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Biological transport processes and space dimension.

Nadler, W; Stein, D L
Fonte: PubMed Publicador: PubMed
Tipo: Artigo de Revista Científica
Publicado em 01/08/1991 EN
Relevância na Pesquisa
45.8%
We discuss the generic time behavior of reaction-diffusion processes capable of modeling various types of biological transport processes, such as ligand migration in proteins and gating fluctuations in ion channel proteins. The main observable in these two cases, the fraction of unbound ligands and the probability of finding the channel in the closed state, respectively, exhibits an algebraic t-1/2 decay at intermediate times, followed by an exponential cutoff. We provide a simple framework for understanding these observations and explain their ubiquity by showing that these qualitative results are independent of space dimension. We also derive an experimental criterion to distinguish between a one-dimensional process and one whose effective dimension is higher.

The Kinetics of Selective Biological Transport: III. Erythrocyte-Monosaccharide Transport Data

Miller, D. M.
Fonte: PubMed Publicador: PubMed
Tipo: Artigo de Revista Científica
Publicado em /11/1968 EN
Relevância na Pesquisa
45.86%
The simplest biological transport system so far extensively investigated is that of monosaccharides in human erythrocytes. Despite its simplicity there is still considerable doubt and divergence of opinion concerning its mechanism. Some confusion may arise as a result of the comparison of diverse data obtained by different workers using a variety of experimental techniques. To minimize this problem, an attempt is made here to repeat, under standard conditions and with as much care as possible, five of the more definitive types of experiments previously performed on this system. It is hoped that the result of this effort is an internally consistent set of data with which the quantitative predictions of various proposed mechanisms may be compared as a primary criterion for their acceptability.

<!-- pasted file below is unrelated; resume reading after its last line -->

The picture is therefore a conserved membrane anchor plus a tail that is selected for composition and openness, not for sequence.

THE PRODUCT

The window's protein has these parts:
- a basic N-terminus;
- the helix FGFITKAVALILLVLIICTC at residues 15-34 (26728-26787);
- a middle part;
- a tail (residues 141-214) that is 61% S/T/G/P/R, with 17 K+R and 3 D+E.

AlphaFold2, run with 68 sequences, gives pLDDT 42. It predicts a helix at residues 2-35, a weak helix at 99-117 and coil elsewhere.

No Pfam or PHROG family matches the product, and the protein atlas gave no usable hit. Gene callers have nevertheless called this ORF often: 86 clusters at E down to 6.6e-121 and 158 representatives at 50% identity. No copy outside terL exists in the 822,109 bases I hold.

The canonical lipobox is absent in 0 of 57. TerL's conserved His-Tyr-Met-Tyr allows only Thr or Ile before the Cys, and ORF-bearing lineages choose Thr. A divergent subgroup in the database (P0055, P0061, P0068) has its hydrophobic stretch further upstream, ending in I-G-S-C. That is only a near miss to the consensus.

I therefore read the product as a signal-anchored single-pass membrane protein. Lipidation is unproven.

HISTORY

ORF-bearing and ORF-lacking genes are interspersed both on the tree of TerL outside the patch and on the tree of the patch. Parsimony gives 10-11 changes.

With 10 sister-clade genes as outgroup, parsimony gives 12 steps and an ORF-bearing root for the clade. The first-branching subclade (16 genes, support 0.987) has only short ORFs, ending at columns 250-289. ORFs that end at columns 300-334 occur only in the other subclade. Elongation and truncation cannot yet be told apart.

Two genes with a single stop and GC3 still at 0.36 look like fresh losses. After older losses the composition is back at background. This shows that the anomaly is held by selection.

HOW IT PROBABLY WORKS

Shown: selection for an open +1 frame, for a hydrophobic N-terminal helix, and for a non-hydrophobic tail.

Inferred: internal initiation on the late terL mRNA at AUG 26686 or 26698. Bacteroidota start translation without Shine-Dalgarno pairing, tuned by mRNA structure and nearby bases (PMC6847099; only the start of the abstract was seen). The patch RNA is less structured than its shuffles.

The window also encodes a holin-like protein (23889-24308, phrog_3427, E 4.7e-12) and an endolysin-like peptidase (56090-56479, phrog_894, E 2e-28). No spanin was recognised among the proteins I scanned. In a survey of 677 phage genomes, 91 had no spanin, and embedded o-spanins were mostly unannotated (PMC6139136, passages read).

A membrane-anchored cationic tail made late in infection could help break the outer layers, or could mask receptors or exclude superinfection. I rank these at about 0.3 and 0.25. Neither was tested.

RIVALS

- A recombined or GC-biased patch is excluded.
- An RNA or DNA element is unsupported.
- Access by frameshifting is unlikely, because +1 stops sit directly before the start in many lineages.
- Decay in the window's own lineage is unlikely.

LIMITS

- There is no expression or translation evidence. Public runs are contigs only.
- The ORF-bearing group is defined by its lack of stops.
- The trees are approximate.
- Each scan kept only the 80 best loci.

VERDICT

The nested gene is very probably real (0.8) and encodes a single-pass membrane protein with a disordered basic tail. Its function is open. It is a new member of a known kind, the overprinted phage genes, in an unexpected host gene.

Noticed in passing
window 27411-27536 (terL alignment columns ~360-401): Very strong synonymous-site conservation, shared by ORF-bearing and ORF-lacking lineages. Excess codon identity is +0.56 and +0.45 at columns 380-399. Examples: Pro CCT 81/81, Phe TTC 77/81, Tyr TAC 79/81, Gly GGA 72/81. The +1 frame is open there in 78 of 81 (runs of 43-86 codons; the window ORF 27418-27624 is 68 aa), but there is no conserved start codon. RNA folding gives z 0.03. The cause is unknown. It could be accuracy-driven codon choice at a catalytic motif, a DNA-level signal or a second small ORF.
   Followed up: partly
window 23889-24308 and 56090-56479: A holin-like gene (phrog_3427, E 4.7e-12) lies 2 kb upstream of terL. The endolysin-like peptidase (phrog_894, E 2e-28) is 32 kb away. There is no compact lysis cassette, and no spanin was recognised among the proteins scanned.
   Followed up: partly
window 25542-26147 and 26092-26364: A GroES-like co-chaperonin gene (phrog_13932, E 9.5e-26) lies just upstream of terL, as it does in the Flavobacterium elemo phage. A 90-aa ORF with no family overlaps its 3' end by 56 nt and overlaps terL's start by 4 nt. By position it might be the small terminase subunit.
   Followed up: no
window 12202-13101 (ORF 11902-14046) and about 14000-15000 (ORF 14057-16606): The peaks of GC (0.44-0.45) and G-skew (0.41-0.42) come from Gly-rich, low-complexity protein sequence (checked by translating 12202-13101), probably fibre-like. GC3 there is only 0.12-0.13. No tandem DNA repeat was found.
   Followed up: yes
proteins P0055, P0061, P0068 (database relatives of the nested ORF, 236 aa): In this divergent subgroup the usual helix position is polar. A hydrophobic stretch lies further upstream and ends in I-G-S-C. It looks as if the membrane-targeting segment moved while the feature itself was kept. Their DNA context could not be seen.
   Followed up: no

Thermal Migration in Biological Transport?

Davies, Martin
Fonte: PubMed Publicador: PubMed
Tipo: Artigo de Revista Científica
Publicado em /09/1965 EN
Relevância na Pesquisa
45.8%
It is shown by thermodynamic arguments and by semiquantitative considerations that the contribution of thermal migration to biological transport is likely to be small.

Intra-Protein Interactions Across a Fluid Membrane as a Model for Biological Transport

Stein, W. D.
Fonte: The Rockefeller University Press Publicador: The Rockefeller University Press
Tipo: Artigo de Revista Científica
Publicado em 01/07/1969 EN
Relevância na Pesquisa
45.76%